I agree with Jamelle that American blackness is a wholly separable and unique phenomenon which will always have its own troubled place in the American consciousness. The history of mass slavery is not assimilable. And, as I have said many times, both white supremacists of the "send them back to Africa" camp and black nationalists of the "let's go back to Africa" camp misunderstand blackness in precisely the same way; American black people are not African. Not in any way whole or simple enough to make the designation meaningful. American blackness is a hybrid, defined both by the presence of a dominant common ancestry and by the innumerable mixings that deny it the condition of "purity." I agree with this post by Ta-Nehisi Coates entirely except for, well, the very first sentence. It doesn't make sense to say that a black person is 30% white because the presence of 30% Caucasoid genealogical history is in no sense disqualifying of blackness. As Coates quotes, "Thirty percent European biogeographical ancestry (likely derived through oppression and sexual violence), doesn't change my identity." Indeed, American blackness is what it is in no small part because of this intermingled genealogical reality.
The question, though, isn't whether any other racial subgroup will have the status of blackness. The question is whether they will achieve the standard of whiteness. I can't agree with Jamelle, on balance. I agree that whiteness is a moving target. But when people point to the history of, for example, Irish people being denied the status of white and then eventually gaining it, they are being willfully ignorant about the fact that there aren't obvious physical manifestations of Irishness. The absence of physical markers are no guarantee of true assimilation or lack of bigotry; the story of American Jewry is the story of a people not obviously physically marked but still subject to consistent and pernicious oppression for centuries. But physical manifestation of racial or ethnic heritage insists on the continuing presence of racial and ethnic essentialisms.
The phrase of art within the university is "marked bodies." I take it that this is the kind of lefty academic speak that drives many people crazy. And yet I think it is perfect term. You cannot unsee racial markings. I can't. And I also can't pretend that, as much as I want it to be true, I have identical subconscious or instinctive reactions to people regardless of their racial makeup, particularly in contexts where we are conditioned by our culture to feel racial danger. (In the city, at night, in poor neighborhoods.) I lived in Hartford for years. Even how I felt in the context of the almost entirely Hispanic Park Street area was different, in subtle ways, from how I felt in the context of the almost entirely black North End, even though they were both poor, blighted areas in the same depressed small New England city. And, I'm sorry to say, my private, uncontrollable thoughts were not entirely enlightened in either context, although on balance, I think I was alright. The existential philosopher in me insists that what matters is not our thoughts or feelings but their expression in our actions, and I am totally dedicated to acting consistent with racial equality. The pragmatist in me knows that my actions can never be truly untouched by the sad reality of my unchosen racial prejudices. So. I work on it.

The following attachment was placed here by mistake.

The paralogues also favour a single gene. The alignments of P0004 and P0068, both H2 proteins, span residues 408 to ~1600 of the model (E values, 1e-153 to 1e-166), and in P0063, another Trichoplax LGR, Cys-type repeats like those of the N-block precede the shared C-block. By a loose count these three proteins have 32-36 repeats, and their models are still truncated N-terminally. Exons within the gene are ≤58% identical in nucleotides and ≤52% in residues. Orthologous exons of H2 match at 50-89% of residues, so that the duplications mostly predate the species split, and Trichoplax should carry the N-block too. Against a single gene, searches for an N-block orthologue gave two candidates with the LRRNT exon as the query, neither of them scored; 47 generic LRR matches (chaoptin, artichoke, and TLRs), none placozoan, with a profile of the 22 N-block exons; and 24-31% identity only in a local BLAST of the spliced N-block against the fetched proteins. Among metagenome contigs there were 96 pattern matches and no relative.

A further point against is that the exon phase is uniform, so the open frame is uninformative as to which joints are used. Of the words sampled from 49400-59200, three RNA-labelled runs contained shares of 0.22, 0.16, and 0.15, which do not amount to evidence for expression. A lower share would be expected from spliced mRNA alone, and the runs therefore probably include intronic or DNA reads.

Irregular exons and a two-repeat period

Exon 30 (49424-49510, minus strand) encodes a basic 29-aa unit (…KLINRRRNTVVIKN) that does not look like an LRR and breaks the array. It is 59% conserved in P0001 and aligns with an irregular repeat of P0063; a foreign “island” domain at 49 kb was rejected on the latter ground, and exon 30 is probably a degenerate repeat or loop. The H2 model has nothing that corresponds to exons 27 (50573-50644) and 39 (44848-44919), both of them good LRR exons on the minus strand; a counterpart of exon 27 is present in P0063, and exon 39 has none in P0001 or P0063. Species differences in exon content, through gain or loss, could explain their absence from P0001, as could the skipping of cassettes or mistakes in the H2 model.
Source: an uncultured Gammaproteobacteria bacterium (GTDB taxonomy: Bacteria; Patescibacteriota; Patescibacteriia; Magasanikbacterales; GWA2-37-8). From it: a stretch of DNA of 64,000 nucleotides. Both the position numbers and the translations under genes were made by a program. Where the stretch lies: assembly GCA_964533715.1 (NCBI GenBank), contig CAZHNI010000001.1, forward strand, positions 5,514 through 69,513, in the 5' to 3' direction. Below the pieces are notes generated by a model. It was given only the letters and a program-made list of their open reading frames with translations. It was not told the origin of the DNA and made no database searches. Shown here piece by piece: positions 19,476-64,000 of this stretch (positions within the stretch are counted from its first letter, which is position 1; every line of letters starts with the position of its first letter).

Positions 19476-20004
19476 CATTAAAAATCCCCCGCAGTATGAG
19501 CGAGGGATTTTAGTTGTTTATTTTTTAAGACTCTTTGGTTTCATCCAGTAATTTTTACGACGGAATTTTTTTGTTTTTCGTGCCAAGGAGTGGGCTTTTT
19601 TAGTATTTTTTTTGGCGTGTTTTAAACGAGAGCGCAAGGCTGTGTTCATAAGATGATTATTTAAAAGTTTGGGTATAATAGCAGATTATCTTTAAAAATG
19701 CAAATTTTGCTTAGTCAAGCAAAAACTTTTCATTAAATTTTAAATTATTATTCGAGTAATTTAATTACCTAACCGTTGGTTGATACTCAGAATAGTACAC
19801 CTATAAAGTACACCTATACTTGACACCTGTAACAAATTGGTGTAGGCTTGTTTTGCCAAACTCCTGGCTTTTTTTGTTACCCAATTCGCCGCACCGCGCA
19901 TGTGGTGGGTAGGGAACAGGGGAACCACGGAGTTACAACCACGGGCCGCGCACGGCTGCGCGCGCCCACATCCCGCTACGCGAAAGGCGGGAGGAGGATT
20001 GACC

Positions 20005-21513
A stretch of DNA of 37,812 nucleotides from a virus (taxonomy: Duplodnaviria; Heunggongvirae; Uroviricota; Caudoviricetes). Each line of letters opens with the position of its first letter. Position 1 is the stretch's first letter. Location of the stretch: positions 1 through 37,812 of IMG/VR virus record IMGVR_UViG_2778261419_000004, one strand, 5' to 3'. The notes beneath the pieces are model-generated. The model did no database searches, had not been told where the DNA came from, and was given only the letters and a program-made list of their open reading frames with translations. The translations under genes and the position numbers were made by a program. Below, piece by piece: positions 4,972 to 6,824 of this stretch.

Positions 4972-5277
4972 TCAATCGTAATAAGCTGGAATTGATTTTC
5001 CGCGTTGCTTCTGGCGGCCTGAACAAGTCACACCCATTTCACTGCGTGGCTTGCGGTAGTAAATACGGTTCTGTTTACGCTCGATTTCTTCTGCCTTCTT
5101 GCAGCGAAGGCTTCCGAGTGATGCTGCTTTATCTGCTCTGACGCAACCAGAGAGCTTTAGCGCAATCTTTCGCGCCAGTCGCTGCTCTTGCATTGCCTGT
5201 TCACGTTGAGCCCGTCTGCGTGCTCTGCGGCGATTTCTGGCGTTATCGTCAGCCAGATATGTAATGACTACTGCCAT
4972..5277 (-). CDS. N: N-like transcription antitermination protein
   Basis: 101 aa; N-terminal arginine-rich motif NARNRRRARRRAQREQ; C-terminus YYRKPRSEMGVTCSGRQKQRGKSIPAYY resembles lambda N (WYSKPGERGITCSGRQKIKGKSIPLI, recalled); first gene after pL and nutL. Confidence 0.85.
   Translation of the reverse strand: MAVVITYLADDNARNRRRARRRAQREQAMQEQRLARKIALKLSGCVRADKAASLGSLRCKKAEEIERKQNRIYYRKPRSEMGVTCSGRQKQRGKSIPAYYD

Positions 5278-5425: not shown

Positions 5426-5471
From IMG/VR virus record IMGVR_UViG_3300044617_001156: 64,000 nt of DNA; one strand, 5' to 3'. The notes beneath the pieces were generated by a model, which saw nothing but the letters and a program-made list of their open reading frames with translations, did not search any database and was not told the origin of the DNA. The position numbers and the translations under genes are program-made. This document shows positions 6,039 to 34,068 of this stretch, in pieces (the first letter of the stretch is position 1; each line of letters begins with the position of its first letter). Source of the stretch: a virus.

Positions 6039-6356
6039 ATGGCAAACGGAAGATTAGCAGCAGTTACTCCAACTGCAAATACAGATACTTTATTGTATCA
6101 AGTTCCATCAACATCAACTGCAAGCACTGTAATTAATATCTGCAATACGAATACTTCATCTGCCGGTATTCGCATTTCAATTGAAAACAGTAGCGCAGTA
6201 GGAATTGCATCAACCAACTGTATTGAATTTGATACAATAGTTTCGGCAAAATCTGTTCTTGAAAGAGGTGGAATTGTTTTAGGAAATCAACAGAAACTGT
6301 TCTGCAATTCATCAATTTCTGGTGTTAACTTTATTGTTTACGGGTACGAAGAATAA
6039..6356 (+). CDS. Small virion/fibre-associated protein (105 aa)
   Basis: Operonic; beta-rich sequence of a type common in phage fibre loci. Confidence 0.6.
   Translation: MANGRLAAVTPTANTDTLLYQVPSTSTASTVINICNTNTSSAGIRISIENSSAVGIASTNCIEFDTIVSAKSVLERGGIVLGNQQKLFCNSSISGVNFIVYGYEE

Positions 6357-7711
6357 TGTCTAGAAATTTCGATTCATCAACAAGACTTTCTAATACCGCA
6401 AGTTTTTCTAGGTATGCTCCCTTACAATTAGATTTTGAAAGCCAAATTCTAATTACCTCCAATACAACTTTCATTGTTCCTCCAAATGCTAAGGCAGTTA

After the election of Barack Obama, many forcefully mocked the people who claimed that this is a post-racial society and that they "don't see race." They insisted-- I insisted-- that no one is truly capable of being race blind, and that asserting that we are a race blind society ensures that we won't react effectively to persistent racial inequalities. Saying "I don't see race, I'm color blind" became the kind of tic mocked on Saturday Night Live. I agreed and agree with that fundamental thinking, and yet as time goes on I am more troubled. There was something unseemly about the whole business, something so self-congratulatory. Because the thinking seemed to be that you can't not see race, but that you can see it and act entirely enlightened anyway. Those who claimed to be race blind were naive and self-aggrandizing, but we, their critics, knew we could see race, but were confident that we could see it and not have it affect us at all. And that seems to me, in some ways, just as naive and unreal an assumption as the idea that we can achieve color blindness.
If my fears are correct and we can achieve neither color blindness nor entirely equitable attitudes towards the racial differences that we observe, then where can we turn for optimism? I'm not sure. I'm not a defeatist and I don't mean to lapse into tragic pessimism. Our duty is to improve our racial problems, whether easy or not. But I wonder.... For a long time, the idea that we will eventually turn American into a truly multiracial melting pot of beige/light brown/whatever people, racially unmarked because their racial signifiers have been occluded through intermingling, has been mocked as the worst kind of multiculti optimism. And yet I wonder if that isn't, in the end, our best hope for a racially equal and just America.